The Book of Deuteronomy, the fifth book of the Pentateuch, derives its name from the Greek term "Deuteronomion," which means "second law" or "repetition of the law." This reflects the book's content, which is essentially a reiteration and expansion of the Mosaic Law originally given in Exodus, Leviticus, and Numbers. The Hebrew title of the book, "Elleh Haddebarim," translates to "These are the words," taken from the opening phrase of the book.
Tradition holds that Moses is the author of Deuteronomy. The book is believed to have been written around 1400-1200 B.C. during the final days of Moses’ life, just before the Israelites were to enter the Promised Land under Joshua's leadership. The primary audience was the new generation of Israelites, who had not experienced the first giving of the Law at Sinai.
Deuteronomy serves as a reminder to the Israelites about God’s Law, His covenant promises, and the consequences of obedience and disobedience. Moses exhorts the people to remain faithful to God, warning them against idolatry and encouraging them to live in a way that pleases God.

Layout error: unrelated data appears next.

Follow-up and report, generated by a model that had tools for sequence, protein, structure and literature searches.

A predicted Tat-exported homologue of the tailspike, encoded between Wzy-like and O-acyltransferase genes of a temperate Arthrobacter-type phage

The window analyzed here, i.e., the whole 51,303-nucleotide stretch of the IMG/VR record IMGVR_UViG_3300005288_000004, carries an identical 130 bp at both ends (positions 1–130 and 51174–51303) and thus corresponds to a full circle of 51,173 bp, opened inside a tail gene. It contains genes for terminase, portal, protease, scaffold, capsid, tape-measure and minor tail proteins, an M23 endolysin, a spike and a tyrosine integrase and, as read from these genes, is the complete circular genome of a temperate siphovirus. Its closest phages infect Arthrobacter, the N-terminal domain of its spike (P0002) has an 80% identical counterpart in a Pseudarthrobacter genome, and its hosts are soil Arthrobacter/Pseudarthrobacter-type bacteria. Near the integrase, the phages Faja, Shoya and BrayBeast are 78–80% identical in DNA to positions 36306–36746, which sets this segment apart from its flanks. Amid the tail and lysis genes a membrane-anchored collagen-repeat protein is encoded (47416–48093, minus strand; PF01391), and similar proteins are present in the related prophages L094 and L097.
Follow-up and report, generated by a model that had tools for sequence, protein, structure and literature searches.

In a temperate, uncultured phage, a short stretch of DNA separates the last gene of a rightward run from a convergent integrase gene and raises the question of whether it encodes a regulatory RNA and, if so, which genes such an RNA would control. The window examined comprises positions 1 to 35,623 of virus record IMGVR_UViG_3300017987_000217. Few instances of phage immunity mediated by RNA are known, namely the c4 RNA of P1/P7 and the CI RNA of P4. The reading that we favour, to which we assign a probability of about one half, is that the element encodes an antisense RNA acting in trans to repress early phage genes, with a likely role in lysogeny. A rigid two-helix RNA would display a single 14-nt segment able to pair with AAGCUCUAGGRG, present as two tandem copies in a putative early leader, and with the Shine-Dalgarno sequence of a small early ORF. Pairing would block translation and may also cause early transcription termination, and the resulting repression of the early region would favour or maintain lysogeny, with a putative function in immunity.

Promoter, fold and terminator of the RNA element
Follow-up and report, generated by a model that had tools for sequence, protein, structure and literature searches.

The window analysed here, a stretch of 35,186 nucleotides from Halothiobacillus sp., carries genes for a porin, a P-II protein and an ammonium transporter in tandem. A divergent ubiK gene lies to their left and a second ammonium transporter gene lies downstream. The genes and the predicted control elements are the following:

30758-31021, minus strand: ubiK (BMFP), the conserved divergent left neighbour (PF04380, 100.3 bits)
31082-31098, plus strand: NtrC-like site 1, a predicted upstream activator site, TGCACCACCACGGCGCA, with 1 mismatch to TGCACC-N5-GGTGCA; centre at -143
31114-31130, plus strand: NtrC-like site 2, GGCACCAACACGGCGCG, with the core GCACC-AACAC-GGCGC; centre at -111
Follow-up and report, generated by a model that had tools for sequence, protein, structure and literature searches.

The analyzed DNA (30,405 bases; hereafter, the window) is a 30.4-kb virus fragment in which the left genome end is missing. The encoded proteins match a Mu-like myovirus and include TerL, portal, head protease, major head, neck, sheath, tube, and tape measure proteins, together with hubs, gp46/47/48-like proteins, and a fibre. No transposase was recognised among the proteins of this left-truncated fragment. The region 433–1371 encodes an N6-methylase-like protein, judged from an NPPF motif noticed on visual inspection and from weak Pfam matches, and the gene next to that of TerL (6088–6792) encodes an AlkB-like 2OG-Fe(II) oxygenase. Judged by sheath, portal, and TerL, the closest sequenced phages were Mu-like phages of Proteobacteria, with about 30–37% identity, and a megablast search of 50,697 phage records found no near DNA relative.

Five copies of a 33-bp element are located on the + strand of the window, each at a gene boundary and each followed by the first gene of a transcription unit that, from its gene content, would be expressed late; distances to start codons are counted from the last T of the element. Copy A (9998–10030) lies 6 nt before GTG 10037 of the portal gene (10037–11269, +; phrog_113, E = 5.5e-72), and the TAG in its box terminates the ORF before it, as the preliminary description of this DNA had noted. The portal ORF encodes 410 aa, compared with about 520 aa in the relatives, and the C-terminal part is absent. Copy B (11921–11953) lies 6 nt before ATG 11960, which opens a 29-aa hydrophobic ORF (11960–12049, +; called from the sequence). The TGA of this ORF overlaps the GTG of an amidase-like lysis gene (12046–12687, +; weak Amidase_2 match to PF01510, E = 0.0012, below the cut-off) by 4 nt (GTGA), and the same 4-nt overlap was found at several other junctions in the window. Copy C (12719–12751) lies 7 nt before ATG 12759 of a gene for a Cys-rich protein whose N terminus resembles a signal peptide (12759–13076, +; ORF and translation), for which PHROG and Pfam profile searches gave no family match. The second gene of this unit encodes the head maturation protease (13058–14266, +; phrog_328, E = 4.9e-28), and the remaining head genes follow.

From an eschatological standpoint, the blessings and curses Moses sets forth in Deuteronomy 28-30 prophetically highlight the future of the Israelite nation, forecasting their disobedience, subsequent exile, but also their eventual restoration. This offers a macroscopic view of Israel's history and their role in God's redemptive plan.
Deuteronomy 18:15-19 holds a significant Messianic prophecy where Moses predicts the coming of a prophet like himself from among the Israelites. This prophet is understood in the New Testament as being fulfilled in Jesus Christ (Acts 3:22-23).
The hope in Deuteronomy comes from the enduring love and faithfulness of God towards His people. Despite their disobedience, God's commitment to them remains unchanged. He promises that if they turn back to Him, even after they have been scattered among the nations, He will restore them (Deuteronomy 30:1-5). This promise extends a powerful message of God's grace, forgiveness, and His desire for reconciliation with His people, pointing forward to the ultimate reconciliation to be found in Jesus Christ.